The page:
‘Cosí fan tutte’ review: psychedelic shtick

Portland Opera's new production adds 21st century multimedia and more to Mozart's comedy

by TERRY ROSS

Portland Opera has done itself proud with its production of Mozart’s silly, sexist, lighthearted, and hilarious opera Cosí fan tutte, written in 1790 and now playing in Portland5’s cozy little Newmark Theatre. The opening night show on Bastille Day showed all hands on deck and also all the shtick one could ask for, including some psychedelic business from the 21st century’s drug culture.

Aaron Short, Daniel Mobbs, Ryan Thorn in Portland Opera’s ‘Cosí fan tutte.’ Photo: Cory Weaver.

Although performed only five times in Mozart’s lifetime due to the untimely death of the Austrian Emperor Joseph II, considered at the time to have commissioned the opera, Cosí has been in almost continuous production somewhere in the world ever since. The reasons are simple. The music, although not serious in the vein of Don Giovanni or even Idomeneo, is vivacious and beautifully crafted. And the story, all about whether young lovers can be sexually faithful, is universal. If the focus is entirely on the faithfulness of the women in the two featured couples, and not on their menfolk, chalk it up to the patriarchal mores of 18th-century Europe’s dominant culture. And to the 18th-century seats of power, in the arts, in politics, and in all walks of life.

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ArtsWatch Weekly: a Persian R&J

Outdoor Shakespeare with a twist; more music festivals; Mozart & Bach; an ArtsWatch apology; a profusion of prints

Summer and Shakespeare seem to go together like Abbott and Costello, or toast and jam: You can have one without the other, but somehow they’d feel incomplete. Little danger of that in Oregon, where we get our summer Shakespeare aplenty, often with a twist.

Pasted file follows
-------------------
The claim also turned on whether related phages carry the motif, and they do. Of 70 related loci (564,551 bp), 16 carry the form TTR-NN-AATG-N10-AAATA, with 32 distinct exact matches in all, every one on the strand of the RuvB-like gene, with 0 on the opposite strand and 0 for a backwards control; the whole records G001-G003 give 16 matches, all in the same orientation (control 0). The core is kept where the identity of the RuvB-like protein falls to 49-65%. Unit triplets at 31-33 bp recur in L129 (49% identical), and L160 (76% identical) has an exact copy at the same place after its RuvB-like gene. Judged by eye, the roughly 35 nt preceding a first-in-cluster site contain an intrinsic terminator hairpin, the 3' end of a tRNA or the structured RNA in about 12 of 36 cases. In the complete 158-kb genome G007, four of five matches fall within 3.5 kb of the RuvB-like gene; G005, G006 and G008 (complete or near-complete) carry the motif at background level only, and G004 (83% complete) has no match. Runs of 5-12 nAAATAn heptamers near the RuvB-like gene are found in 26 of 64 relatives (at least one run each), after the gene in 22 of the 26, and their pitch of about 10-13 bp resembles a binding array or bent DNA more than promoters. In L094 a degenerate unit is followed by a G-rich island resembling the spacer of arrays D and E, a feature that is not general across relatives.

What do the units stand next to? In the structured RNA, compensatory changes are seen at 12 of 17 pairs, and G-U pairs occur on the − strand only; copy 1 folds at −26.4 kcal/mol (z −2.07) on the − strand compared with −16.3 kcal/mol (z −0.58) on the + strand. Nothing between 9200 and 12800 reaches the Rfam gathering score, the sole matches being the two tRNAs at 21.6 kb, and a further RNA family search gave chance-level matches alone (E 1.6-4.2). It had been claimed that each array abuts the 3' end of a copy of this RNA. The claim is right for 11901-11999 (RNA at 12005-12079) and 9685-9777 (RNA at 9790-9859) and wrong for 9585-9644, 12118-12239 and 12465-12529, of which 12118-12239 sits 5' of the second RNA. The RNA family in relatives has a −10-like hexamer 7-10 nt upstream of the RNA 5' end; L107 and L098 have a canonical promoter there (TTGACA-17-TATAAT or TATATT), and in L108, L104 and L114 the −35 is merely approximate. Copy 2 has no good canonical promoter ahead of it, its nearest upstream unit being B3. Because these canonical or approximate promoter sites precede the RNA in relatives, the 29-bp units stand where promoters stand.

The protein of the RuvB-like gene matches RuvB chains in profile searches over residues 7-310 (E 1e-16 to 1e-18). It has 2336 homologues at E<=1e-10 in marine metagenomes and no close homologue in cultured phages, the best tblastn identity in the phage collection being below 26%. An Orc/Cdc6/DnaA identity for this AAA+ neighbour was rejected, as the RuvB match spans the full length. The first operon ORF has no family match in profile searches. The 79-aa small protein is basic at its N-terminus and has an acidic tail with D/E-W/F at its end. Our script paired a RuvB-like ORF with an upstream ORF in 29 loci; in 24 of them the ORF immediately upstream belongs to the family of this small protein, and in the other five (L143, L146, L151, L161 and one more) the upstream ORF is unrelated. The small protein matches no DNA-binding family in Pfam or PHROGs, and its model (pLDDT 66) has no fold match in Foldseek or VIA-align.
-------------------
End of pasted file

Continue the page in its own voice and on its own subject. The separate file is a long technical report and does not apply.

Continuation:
Nicholas Granato as Romeo/Majnun in Bag&Baggage’s “Romeo and Juliet (Layla and Majnun).” Casey Campbell Photography

Consider Romeo and Juliet (Layla and Majnun), an interweaving of Shakespeare’s romance and the 12th century Persian poet Nizami’s epic tale of a feud between families. Bag&Baggage’s premiere opens Thursday on the outdoor stage of the Tom Hughes Civic Center Plaza in downtown Hillsboro, in a production that B&B artistic director Scott Palmer believes blends R&J with one of its primary sources. “When you read the texts side by side, the parallels between the two tales are really astounding,” Palmer tells ArtsWatch’s Brett Campbell. “There’s no smoking gun, but we do know (Shakespeare) was reading Italian sources and those were heavily influenced by Persian masterpieces from the 11th and 12 centuries. There is just no question that Layla and Majnun had a powerful, although indirect, influence on Romeo and Juliet.” Read Campbell’s full story here.

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The Art of Inclusion

ArtsWatch apologizes for concert review's errors of judgment and fact

by BRETT CAMPBELL, BOB HICKS, and BARRY JOHNSON

“Reviews now are different kinds of battlefields. Who is writing them is just as important — perhaps more important — than what is being reviewed.”

That’s from an insightful and important story called “Like it or not, we are in the midst of a second arts revolution,” published a few weeks ago by our friend and colleague Chris Jones, chief theater writer for the Chicago Tribune. We thought it said so much about the state of the arts and arts journalism that we immediately posted a link to ArtsWatch’s Facebook page. “Administrators, artists and critics all have to get used to the intensity of amplified opinion, and the widespread desire for empowered involvement, that now surrounds their work.”

A few days later, ArtsWatch found itself engaged on such a battlefield. One of our regular freelance writers, Terry Ross, who’s covered classical music for decades, wrote a review of a June 17 concert by Portland’s Resonance Ensemble that sparked outrage — “amplified opinion.” You can follow the action here.